The latest internal party struggle on Capitol Hill surprised even Senate Republicans, who had voted overwhelmingly for a deal largely hashed out by their leader, Mitch McConnell of Kentucky. The bill passed the Senate, 89 to 8, at 2 a.m. on Tuesday, with only 5 of the chamber’s 47 Republicans voting no.

Twenty-one hours later, the same measure was opposed by 151 of the 236 Republicans voting in the House. It was further proof that House Republicans are a new breed, less enamored of tax cuts per se than they are driven to shrink government through steep spending cuts. Protecting nearly 99 percent of the nation’s households from an income tax increase was not enough if taxes rose on some and government spending was untouched.

A party that once disputed that there was any real “cost” of tax cuts encountered sticker shock when the nonpartisan Congressional Budget Office estimated that enacting them in place of the “fiscal cliff” provisions would cost $4 trillion over 10 years.

“I personally hate it,” Representative John Campbell, a Republican from California, said of the bill. “The speaker the day after the election said we would give on taxes, and we have, but we wanted spending cuts. This bill has spending increases. Are you kidding me?”

By all accounts, the tax deal negotiated by Mr. McConnell and Vice President Joseph R. Biden Jr. is one of the most sweeping fiscal policy changes in a decade, a measure that would bring a certainty to the tax code long demanded by the financial community and taxpayers.

The bill’s heft was confirmed on Tuesday by the Congressional Budget Office, which said the income and business tax cut extensions; new capital gains, dividend and estate tax rates; and unemployment compensation would add an estimated $4 trillion to the federal deficit compared with where the government would be if Congress did nothing to halt the tax increases and spending cuts that were triggered at the start of the year.

The independent Committee for a Responsible Federal Budget said that measured against extending all 2012 policies, the deal would cut the deficit by $650 billion over 10 years. The group said the biggest cost, a “patch” to the alternative minimum tax to prevent it from suddenly affecting much of the middle class, should not be considered a cost at all because Congress has adjusted it each year anyway.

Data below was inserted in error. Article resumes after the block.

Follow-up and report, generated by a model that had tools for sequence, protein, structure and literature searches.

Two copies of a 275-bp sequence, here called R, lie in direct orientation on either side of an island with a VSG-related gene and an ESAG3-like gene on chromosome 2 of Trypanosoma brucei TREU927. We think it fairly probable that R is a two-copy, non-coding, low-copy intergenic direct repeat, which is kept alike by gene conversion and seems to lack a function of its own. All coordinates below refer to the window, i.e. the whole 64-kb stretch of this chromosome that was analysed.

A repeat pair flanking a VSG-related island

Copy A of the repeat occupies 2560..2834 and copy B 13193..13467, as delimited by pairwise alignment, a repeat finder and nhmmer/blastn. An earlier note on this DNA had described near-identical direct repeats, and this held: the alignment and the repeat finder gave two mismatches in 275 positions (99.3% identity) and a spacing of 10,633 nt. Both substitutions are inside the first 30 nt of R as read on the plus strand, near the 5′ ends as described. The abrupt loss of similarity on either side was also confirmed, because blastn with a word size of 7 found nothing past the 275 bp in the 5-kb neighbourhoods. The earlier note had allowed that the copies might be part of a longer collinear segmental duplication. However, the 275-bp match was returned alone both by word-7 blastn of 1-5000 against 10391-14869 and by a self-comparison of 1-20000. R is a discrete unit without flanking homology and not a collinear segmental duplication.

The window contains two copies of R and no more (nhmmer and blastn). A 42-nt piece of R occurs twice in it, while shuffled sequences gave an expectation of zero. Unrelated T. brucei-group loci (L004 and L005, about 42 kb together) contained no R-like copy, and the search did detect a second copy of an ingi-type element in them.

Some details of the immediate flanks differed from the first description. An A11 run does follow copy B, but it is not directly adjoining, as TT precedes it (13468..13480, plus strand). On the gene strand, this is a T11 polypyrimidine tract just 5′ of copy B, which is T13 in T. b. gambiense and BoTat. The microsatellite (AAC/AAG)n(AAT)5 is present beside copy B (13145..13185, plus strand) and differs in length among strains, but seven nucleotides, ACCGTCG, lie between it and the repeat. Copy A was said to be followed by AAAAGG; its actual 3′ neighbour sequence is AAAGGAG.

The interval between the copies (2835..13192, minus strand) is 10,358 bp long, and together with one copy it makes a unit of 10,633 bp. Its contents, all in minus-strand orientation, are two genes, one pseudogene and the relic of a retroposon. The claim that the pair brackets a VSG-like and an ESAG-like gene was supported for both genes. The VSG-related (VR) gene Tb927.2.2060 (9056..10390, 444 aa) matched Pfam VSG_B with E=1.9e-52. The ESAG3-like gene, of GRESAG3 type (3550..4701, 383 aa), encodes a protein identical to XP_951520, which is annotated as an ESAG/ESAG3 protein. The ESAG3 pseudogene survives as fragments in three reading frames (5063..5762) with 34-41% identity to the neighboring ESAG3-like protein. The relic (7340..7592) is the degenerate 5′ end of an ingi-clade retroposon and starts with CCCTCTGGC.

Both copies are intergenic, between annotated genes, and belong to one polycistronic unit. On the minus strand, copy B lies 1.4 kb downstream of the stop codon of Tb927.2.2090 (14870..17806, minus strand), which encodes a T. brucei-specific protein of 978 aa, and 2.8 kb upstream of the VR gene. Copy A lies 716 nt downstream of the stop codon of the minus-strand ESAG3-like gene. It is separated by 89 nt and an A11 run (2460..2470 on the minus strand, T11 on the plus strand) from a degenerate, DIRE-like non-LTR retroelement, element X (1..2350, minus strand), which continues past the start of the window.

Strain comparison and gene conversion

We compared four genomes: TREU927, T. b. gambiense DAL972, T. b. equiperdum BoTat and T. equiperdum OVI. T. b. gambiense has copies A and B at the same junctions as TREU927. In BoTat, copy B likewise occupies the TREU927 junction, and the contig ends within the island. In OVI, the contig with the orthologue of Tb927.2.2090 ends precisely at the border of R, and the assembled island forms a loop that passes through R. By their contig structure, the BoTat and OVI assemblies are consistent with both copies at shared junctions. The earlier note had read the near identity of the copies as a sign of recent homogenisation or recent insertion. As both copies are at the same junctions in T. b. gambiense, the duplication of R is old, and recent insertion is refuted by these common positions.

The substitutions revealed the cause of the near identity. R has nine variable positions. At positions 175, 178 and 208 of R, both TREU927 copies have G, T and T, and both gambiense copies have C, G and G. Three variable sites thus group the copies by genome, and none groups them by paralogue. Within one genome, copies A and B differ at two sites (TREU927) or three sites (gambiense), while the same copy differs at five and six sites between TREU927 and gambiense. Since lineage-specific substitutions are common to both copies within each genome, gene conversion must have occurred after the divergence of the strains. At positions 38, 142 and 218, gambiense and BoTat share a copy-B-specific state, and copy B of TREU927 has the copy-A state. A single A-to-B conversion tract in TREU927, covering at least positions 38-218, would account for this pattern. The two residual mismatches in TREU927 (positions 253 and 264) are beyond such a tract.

But the Congressional Budget Office’s estimate gave even some Democrats pause, especially since the bill would make permanent virtually all of the Bush tax cuts — a goal that Mr. Bush chased through the rest of his presidency. “For four years in my town hall meetings across the state, Coloradans have told me they want a plan that materially reduces the deficit,” said Senator Michael Bennet, one of three Democrats who voted against the bill. “This proposal does not meet that standard and does not put in place a real process to reduce the debt down the road.”

The bill would do much more than head off the automatic tax increases and spending cuts. It would fix in place a tax code that for more than a decade has caused struggles over regular sunset provisions, temporary solutions and fleeting incentives. The bill would finally make permanent five of the six income tax rates created in 2001 by the first Bush tax cut. It would codify Mr. Bush’s successful push, in 2003, to make tax rates on dividends and capital gains equal so that one form of investment income is not favored over the other.

But it would let lapse a two-percentage-point cut in the payroll tax, one of the recent tax policy changes most squarely aimed at the working class, meaning take-home pay may be less even if higher income taxes are headed off. The Tax Policy Center, a nonpartisan research group in Washington, estimated that 77 percent of Americans could pay more over all to the federal government this year.

“For me, this is very much an ‘on the one hand, on the other hand’ thing,” said Ari Fleischer, the White House press secretary in the years of Mr. Bush’s tax fights. “As a Bush loyalist, it’s fantastic that the Bush tax cuts, which now have to be seen inarguably as overwhelmingly for the middle class, are being made permanent. On the other hand, it’s inarguable that this adds $4 trillion to the federal debt.”

The 10-year price includes $762 billion to lock in the Bush tax rates of 10 percent, 25 percent, 28 percent and 33 percent, along with some of the Bush-era 35 percent bracket; $354 billion to continue Mr. Bush’s expanded child credit; and $339 billion to secure Mr. Bush’s 15 percent capital gains and dividend rates for families earning less than $450,000. Fixing the alternative minimum tax would cost the Treasury $1.8 trillion, according to the bipartisan Joint Committee on Taxation.